It has been years since I started thinking about writing this column; I have held off awaiting a convincing level of confirming research and clinical evidence. There is still an amazing amount we don’t know, but there is now a satisfactory amount of evidence and personal experience that I feel OK in writing.
CBD, cannabidiol, seems in some ways to be the latest equivalent of what century-ago hucksters sold as snake oil. It can cure any ill, modulate any pain, fix broken relationships and make your life all that it could possibly be. The interesting thing about CBD is that it comes remarkably close to actually doing many of those things, especially modulating pain, body temperature and inflammation.
CBD is one of several compounds found in the cannabis plant; they are called cannabinoids.
Marijuana and CBD have been used therapeutically for 10,000 years or more; hemp, a strain of cannabis and a major source of CBD, may have been the first crop ever cultivated. It was only in the 1930s that those paranoid legislators who make the regulations that run our lives decided the benefits were outweighed by what they perceived as the downsides. In fact, there are hardly any downsides, and at last, we are being allowed to use these ages-old compounds to our benefit.
I am now comfortable enough with CBD that I am making it available to my patients as an adjunct to my own pain management treatments.
What your brain does
Did you know that your brain produces its own cannabinoids? It also produces its own opioids. Thankfully, your built-in drug manufacturer is smart enough to do this at just the right time, and in just the right quantities to deal with specific situations.
You have an elaborate array of biochemical processes called the endocannabinoid system that was discovered first in 1992; its name implies the creation of cannabinoids within your body. Its role is primarily to be involved in regulating things both physiological and cognitive: fertility, pregnancy, prenatal and postnatal development, appetite, pain sensation, mood, and memory. It plays a major role in physical exercise, as well, including the euphoria we call runner’s high.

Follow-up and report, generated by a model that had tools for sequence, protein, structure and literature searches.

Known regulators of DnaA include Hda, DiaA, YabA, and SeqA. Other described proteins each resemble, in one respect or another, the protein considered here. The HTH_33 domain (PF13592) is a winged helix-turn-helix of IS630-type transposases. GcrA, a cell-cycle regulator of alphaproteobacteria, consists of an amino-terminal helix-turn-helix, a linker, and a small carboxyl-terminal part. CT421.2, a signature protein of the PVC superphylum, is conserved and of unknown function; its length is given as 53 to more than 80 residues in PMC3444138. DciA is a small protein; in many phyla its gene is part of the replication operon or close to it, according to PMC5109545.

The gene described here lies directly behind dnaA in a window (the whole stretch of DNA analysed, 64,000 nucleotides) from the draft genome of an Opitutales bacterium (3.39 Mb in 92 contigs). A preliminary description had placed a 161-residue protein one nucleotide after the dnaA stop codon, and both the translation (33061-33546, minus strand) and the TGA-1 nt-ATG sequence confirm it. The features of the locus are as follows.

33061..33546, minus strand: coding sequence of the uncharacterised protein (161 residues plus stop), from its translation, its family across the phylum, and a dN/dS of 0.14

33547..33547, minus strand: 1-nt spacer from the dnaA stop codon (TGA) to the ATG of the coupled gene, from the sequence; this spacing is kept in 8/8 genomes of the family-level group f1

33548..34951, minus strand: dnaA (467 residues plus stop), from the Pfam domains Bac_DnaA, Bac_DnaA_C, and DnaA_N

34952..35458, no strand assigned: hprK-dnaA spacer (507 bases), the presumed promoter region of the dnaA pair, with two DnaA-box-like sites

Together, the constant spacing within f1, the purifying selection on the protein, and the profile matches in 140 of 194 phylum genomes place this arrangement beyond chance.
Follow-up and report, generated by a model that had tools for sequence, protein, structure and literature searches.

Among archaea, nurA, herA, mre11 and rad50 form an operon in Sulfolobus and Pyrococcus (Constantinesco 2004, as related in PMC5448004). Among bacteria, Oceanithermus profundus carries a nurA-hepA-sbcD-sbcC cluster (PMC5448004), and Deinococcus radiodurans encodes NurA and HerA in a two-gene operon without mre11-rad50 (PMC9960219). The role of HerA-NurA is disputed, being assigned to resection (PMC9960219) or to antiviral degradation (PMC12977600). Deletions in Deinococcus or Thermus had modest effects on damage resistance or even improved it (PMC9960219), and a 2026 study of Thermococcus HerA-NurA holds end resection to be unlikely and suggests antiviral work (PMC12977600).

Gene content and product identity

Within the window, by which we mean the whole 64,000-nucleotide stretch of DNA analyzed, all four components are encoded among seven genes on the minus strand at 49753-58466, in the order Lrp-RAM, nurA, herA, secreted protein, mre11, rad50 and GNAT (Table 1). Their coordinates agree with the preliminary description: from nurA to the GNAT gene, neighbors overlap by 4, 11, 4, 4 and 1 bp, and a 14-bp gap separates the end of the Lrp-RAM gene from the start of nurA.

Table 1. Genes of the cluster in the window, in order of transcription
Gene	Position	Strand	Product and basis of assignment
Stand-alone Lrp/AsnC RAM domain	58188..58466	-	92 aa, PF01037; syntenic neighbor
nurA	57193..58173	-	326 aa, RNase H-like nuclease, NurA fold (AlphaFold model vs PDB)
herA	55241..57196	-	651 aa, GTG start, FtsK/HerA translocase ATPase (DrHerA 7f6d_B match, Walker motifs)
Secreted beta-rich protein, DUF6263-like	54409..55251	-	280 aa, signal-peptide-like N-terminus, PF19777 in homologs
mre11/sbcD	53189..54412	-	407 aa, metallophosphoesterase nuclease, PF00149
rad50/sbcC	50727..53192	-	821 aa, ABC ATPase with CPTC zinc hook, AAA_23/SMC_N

Cannabinoids work by interacting with two specific receptor proteins in your brain and body. The CB1 receptor is found in various parts of your brain and nervous system, as well as your organs and tissues. The high that you get from marijuana, THC, results from its activating your CB1 receptors. The CB2 receptor occurs throughout your immune system and regulates appetite, pain and others. The growing evidence is that CBD acts primarily on CB2. These actions contribute to its therapeutic effects.
Do you need CBD, and how much?
The indications for CBD are becoming known. For example, CDB has been used successfully to treat epilepsy in children, and there is a growing list of conditions that benefit from CBD.
The National Institutes of Health suggests the following as being, or having the potential to be, treated with CBD: anorexia, emesis, pain, inflammation, multiple sclerosis, Parkinson’s disease, Huntington’s disease, Tourette’s syndrome, Alzheimer’s disease, epilepsy, glaucoma, osteoporosis, schizophrenia, cardiovascular disorders, cancer and obesity. In addition, there are migraines, anxiety and depression, and PTSD, not to mention an assortment of pain conditions.